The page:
Many people think that the key to avoiding the pain of sunburn and the associated increased risk of skin cancer is to slowly build up a suntan, which will protect them from burning. This is not a good idea. Unlike sunburns, suntans are not painful, but they are still a sign of skin damage. Remember, any change in your child's skin color as a result of sun exposure is a sign of damage. Suntans greatly increase the risk of the more common types of skin cancer: basal cell and squamous cell carcinoma. These cancers are not as deadly as melanoma, but they can require painful surgeries for their removal and may leave severely disfiguring scars. Tanning also increases the risk of melanoma (though not as much as sunburns). People with blonde hair, light eyes (not brown), fair skin, or a family history of skin cancer are at an increased risk. If your child has any of these traits, it is very important that you protect his or her skin from sun damage. There are people who develop all kinds of skin cancer who do not have any of these risk factors. That means that it is important to protect your child from sun exposure, even if he or she does not have light skin, hair, or eyes or a family history of skin cancer. Death from skin cancer is fairly uncommon, but both skin cancer deaths and the number of nonfatal cases of skin cancer are steadily increasing. If your child lives to be at least 65 years old (we certainly hope so!), he or she has a 40%-50% chance of having at least one episode of skin cancer. The best thing you can do to reduce this risk is develop good sun protection habits during his or her childhood.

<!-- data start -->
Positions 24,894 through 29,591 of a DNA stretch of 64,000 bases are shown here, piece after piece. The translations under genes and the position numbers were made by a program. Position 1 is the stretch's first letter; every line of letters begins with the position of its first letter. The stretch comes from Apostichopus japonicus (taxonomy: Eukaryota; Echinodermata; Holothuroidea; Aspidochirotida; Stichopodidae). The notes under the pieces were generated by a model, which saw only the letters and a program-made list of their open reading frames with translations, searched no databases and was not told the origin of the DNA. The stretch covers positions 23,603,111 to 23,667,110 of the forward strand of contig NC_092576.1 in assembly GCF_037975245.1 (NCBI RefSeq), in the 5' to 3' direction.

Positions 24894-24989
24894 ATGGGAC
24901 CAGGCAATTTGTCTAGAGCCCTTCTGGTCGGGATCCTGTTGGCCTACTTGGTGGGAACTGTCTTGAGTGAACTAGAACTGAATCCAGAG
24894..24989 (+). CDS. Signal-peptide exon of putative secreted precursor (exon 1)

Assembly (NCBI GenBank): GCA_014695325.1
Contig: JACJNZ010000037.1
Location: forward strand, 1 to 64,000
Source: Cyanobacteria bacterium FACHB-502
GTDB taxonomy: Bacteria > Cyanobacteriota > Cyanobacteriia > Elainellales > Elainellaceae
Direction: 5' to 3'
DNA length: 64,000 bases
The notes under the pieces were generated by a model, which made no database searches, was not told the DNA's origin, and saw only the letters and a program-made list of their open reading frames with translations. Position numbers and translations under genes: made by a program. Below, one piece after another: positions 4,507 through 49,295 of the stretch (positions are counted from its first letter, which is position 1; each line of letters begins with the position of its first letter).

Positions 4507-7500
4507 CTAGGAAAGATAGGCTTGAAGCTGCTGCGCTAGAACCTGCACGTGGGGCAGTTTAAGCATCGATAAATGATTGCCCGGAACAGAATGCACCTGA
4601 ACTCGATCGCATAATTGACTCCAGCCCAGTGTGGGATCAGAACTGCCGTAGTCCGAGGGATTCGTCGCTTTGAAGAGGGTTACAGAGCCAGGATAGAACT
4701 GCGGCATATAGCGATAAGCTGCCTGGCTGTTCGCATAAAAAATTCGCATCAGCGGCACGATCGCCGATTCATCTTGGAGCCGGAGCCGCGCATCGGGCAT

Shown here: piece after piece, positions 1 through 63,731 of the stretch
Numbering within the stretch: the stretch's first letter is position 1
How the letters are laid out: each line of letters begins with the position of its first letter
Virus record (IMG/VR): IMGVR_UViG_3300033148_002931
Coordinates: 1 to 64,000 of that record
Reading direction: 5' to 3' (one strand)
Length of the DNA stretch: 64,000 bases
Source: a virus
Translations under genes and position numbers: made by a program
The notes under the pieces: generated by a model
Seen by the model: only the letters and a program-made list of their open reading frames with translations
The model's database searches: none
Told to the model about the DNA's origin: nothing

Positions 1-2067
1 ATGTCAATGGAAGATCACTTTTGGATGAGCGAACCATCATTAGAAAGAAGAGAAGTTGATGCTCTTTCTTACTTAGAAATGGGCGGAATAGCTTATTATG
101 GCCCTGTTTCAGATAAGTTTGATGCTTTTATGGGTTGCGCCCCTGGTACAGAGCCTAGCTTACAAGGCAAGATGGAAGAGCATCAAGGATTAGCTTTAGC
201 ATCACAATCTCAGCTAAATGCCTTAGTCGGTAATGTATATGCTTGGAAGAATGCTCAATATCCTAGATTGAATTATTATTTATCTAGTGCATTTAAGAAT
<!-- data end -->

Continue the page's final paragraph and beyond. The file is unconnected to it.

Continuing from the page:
Your son or daughter is probably not very concerned with his or her health multiple decades from now. Telling children that applying sunblock or wearing sunglasses will help them avoid skin cancer, premature aging, cataracts, and macular degeneration is unlikely to make a deep enough impact on them that they will do everything they need to in order to avoid UV damage. That's why they need you to look out for their health. If you make healthy choices for them when they are young, they will be more likely to make healthy choices for themselves as they grow up. Many years from now, when they are healthy middle and older adults, they will be grateful beyond measure for all that you did to help them live long, healthy lives.
Your child can have fun outside and stay safe from the sun. Please see our "Summer Safety Tips" packet for important tips on protecting your son or daughter's skin and eyes from sun damage.
Much of the information included in this handout came from the Skin Cancer Foundation. For more helpful information about the risks of sun exposure and how you can protect your children (and yourself) from sun damage, visit their website, http://www.skincancer.org.